Five years ago, 11,000 untested rape kits were discovered in a police storage facility in Detroit. So far, just 1,600 kits have been tested, but that small number has yielded startling results: 100 serial rapists have been identified, and the DNA of 10 since-convicted rapists has been found.
So what do these findings mean? Of 1,600 women raped in Detroit in the last 25 years, 100 of their attackers raped more than once. And among convicted rapists in Michigan, 10 might have been caught sooner had some of these decades-old kits been tested.
Mariska Hargitay, founder of the nonprofit End the Backlog and star of Law and Order: SVU, spoke Monday about the findings, saying, “My head exploded. We have the means to do it, and DNA equals justice.”
Wayne County prosecutor Kym Worthy, who spearheaded the effort to clear Detroit’s backlog, said that 14 prosecutions so far have resulted from these kits getting tested. She and Hargitay announced legislation that aims to end the state’s rape-kit backlog by laying out rules for how and when kits should be handled. It will soon be presented to Michigan legislators.
Nationwide, there are an estimated 400,000 rape kits lying untested. If all of those kits were tested, untold numbers of serial offenders could be identified. Research shows that 63 to 71 percent of offenders rape more than once, committing an average of six assaults each. And serial rapists are responsible for 91 to 95 percent of all rapes.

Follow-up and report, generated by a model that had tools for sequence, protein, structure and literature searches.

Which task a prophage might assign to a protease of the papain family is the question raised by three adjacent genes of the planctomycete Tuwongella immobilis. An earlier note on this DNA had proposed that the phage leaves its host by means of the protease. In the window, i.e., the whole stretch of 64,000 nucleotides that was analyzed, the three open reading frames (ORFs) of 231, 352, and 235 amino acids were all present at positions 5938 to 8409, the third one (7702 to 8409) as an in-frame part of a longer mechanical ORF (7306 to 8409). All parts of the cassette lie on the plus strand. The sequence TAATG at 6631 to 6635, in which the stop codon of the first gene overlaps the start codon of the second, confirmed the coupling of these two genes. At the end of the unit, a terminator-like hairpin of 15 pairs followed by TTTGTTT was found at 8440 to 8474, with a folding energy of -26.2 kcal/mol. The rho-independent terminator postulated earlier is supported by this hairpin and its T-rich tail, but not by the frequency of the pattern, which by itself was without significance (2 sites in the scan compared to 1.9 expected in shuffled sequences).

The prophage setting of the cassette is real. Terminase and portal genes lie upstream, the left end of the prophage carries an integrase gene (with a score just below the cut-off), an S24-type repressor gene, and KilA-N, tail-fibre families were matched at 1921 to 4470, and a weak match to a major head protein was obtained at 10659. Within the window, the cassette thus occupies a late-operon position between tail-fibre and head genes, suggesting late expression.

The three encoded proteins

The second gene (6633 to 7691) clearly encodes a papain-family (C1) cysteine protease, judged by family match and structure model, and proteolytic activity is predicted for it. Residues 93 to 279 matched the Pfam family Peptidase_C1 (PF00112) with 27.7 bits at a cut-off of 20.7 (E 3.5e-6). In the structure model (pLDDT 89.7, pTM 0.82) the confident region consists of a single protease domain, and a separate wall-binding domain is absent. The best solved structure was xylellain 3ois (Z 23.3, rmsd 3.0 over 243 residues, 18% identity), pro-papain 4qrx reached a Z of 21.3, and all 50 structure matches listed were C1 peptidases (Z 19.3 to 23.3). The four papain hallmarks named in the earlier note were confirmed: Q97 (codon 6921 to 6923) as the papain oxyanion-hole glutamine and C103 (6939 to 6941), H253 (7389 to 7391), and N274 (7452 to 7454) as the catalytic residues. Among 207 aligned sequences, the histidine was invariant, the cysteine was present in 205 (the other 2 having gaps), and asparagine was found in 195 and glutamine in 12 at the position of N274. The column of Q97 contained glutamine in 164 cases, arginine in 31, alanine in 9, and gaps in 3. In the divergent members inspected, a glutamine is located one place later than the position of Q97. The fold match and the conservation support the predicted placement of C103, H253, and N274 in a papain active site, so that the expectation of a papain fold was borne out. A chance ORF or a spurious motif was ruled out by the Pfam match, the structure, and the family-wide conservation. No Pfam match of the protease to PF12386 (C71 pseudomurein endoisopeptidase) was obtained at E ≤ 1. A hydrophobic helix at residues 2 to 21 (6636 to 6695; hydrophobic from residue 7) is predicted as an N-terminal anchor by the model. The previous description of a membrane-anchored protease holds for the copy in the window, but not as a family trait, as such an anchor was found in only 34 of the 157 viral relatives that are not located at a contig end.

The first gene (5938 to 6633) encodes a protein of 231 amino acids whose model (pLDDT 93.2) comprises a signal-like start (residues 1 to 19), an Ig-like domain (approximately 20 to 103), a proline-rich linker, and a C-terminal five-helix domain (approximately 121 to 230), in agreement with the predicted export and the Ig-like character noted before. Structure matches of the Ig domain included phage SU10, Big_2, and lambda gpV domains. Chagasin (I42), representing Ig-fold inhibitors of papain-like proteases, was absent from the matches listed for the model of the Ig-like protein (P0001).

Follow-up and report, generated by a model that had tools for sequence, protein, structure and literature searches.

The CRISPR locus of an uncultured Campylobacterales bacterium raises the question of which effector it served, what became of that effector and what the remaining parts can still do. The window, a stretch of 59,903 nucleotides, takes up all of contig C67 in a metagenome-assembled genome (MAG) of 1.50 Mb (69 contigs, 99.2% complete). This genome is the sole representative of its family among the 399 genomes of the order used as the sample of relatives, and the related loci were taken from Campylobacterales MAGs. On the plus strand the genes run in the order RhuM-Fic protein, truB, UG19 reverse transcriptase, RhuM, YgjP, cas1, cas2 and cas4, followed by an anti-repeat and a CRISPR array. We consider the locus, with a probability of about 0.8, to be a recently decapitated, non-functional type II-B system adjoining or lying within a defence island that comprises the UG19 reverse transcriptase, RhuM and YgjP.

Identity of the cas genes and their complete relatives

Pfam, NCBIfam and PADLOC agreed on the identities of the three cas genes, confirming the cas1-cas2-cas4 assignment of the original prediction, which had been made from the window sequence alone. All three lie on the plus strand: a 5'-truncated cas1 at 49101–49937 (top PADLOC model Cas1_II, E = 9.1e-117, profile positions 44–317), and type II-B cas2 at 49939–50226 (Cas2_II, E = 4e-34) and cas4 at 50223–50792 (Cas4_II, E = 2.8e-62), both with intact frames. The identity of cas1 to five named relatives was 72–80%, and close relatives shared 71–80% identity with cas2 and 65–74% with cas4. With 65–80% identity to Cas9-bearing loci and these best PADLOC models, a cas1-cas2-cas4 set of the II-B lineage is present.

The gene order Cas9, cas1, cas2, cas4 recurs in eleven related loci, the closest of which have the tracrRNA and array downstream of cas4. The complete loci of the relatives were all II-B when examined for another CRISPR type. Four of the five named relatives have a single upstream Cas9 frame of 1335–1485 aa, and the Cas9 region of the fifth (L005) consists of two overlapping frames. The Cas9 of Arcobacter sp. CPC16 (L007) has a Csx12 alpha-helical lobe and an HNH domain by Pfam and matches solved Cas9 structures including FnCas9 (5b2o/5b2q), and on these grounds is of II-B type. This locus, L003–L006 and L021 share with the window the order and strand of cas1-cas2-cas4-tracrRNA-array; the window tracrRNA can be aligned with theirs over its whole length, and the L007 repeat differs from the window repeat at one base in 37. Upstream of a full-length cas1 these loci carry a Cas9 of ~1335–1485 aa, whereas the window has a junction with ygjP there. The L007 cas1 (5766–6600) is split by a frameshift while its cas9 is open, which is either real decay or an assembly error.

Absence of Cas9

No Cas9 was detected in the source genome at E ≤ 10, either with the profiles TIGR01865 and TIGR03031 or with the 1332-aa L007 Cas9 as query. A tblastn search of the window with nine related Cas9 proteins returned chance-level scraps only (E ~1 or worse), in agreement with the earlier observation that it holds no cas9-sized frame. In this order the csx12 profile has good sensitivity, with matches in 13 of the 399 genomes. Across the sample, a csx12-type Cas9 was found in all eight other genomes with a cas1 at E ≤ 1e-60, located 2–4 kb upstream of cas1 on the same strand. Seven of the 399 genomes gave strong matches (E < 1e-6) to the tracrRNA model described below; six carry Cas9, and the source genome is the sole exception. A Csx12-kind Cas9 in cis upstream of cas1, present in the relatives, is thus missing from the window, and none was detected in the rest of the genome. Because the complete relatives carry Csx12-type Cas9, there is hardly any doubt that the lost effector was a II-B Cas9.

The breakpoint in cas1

Indeed, the data proves what activists have long known: Rapists go on raping with impunity unless they’re caught. Imagine the number of survivors who might have been spared if those rape kits in Detroit had been tested sooner.
Each rape kit that goes untested represents a lost opportunity for justice. Each untested kit also represents a survivor who endured an invasive medical exam involving scraping, prodding and photographing, that can last up to six hours. If those kits are never tested, it’s as if she was victimized twice: once by her assailant and once by the justice system.
So far, just three states—Colorado, Illinois and Texas—have legislation governing when and how rape kits must be tested. But there is a movement afoot to see these laws enacted nationwide, since local police don’t often have the resources or systems in place to handle testing. We’ll be watching to see if Michigan steps up for sexual-assault victims.
Photo of researcher removing DNA from a test tube, from Wikimedia Commons
Stephanie Hallett is a writer and editor in Los Angeles. She can be found on Twitter @stephhallett.